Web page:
This is post #7 in “Tracealyzer Hands On”, a series of blog posts with handy tips how you can get more out of Tracealyzer. Please visit the RTOS Debug Portal to find a list of all published posts.
In the last several posts, we have been examining how we can use a user event channel to trace state machine behavior. We saw that we can create custom intervals and state machines that are then plotted on our timeline. In this post, we are going to dig deeper and explore the information available in our visualization and how we can use it to better understand our application and find any defects that may exist.
Many embedded applications that involve motors make use of two different state machines; the motor state and a brake state. A motor may be in a state such as locked, stopped, low speed, medium speed and high speed. A brake state might be enabled and disabled. Obviously, if the motor is running, the brake should be disabled, otherwise we would undoubtedly start to see some smoke or at a minimum a feel a bad smell from the brake pads rubbing on the motor. Running the motor with the brakes engaged will force the motor to work harder, potentially resulting in a failure or damage to the motor. Let’s examine a trace where a motor state machine ramps up then down and verify that the brake behaves the way it is supposed to.
First we add user event logging for the state changes, as described in Tracealyzer Hands On #5 – Understanding your Application with User Events.
This results in two user event channels, named MotorState and BrakeState.
After acquiring the trace, we need to make Tracealyzer aware of this state information by defining state machines for these user event channels. As we discussed in the previous blogs, we can do this using the “Intervals and State Machines” menu option under Views. This view provides a list of all defined state machines and interval sets, initially empty, and provides three options for adding new data sets. These options include:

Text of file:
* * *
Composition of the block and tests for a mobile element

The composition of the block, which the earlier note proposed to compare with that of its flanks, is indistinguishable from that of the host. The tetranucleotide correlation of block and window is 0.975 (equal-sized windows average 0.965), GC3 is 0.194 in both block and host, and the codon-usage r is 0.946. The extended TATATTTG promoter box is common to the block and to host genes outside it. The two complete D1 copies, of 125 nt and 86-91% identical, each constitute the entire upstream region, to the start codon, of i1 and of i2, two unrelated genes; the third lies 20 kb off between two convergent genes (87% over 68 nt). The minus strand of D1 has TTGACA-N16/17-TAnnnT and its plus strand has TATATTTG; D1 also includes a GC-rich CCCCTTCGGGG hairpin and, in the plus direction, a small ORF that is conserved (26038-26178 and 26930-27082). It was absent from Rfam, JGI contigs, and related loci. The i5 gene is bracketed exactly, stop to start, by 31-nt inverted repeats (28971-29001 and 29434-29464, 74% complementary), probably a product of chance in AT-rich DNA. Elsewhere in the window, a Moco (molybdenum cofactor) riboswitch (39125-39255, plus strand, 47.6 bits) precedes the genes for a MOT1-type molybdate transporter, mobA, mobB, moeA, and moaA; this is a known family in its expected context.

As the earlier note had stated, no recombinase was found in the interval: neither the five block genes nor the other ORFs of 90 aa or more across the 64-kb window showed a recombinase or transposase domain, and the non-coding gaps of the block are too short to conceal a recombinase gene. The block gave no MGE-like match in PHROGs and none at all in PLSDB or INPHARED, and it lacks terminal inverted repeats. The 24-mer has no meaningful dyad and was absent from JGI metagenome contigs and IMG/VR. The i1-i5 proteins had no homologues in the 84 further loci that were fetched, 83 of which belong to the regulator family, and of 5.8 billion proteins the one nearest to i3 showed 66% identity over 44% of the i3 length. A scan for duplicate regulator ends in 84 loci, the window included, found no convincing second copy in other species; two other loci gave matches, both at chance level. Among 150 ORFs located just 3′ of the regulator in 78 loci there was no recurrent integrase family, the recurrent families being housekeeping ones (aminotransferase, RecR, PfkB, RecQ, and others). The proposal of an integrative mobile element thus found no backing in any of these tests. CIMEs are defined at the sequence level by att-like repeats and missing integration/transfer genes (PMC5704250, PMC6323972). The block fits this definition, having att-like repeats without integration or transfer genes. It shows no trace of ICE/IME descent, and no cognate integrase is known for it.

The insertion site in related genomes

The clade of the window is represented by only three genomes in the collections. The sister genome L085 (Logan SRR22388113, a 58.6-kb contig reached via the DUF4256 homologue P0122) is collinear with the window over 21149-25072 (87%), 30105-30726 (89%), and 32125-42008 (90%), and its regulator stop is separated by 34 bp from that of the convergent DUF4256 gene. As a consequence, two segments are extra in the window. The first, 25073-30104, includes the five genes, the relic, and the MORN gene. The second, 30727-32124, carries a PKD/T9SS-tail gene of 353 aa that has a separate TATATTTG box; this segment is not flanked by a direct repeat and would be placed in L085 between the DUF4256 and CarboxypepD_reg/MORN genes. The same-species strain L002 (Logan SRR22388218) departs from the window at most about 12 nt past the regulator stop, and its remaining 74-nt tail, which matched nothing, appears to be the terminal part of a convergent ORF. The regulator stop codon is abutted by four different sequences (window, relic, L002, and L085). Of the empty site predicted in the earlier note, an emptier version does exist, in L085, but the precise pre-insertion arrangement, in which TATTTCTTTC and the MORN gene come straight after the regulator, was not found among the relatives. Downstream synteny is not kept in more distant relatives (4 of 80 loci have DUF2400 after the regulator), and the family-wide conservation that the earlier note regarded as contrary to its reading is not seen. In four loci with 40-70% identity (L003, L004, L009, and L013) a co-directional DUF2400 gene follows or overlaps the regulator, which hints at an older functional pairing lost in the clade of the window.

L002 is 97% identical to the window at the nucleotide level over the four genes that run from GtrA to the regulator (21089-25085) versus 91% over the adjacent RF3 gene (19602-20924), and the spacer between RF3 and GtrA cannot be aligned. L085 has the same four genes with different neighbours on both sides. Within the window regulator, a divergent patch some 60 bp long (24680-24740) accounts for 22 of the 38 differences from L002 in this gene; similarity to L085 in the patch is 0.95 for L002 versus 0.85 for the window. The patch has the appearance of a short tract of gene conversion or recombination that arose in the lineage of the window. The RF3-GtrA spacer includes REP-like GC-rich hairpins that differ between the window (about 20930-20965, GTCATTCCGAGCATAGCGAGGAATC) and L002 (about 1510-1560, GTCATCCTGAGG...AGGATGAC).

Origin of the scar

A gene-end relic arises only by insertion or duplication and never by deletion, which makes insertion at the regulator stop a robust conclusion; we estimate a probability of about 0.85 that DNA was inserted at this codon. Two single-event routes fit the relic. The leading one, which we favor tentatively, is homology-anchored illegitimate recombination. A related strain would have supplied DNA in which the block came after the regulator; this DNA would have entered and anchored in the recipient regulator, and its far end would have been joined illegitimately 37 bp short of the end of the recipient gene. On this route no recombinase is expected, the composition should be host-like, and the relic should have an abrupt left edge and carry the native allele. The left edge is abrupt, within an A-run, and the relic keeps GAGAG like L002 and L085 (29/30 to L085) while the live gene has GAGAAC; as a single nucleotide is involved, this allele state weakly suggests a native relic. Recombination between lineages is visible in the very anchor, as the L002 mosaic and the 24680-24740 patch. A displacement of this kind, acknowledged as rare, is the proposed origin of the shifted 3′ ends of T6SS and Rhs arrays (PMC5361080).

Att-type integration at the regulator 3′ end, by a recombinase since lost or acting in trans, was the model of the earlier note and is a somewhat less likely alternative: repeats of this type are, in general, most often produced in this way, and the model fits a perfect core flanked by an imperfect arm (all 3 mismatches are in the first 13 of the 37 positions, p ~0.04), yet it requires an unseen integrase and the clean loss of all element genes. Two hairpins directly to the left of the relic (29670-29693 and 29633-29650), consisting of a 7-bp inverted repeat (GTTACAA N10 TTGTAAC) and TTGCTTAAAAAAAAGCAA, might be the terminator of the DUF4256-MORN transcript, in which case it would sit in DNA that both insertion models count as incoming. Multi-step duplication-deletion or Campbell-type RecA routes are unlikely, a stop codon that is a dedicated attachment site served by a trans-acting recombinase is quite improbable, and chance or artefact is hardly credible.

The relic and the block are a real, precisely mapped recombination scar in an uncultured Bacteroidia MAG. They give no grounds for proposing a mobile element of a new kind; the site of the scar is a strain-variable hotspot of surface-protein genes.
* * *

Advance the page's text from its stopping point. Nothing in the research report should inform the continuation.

Add Predefined – This enables predefined intervals and state machines that Tracealyzer is aware of. For example, Tracealyzer automatically generates two interval sets for each message queue in your trace, “Message Processing” and “Queue Messages”, and if using Keil RTX5, the states of TCP sockets can be included this way.
Add Custom State Machine – Here you can define a state machine using either the simple or the advanced method. The simple method assumes that there is a dedicated user event channel where only state names for the specific state machine is logged, while the advanced option makes use of regular expressions which allows you to extract state information from any event in the trace.
Custom Intervals – This option allows a developer to specify how to match events to produce a custom interval set. You specify strings to match for the Start and End events of the interval, “Interval Start” and “Interval End”, and intervals are then created for all matching event pairs.
For this blog, we are just going to use Custom State Machine (the simple option) to define state machines for the BrakeState and MotorState user event channels. The result can be seen below.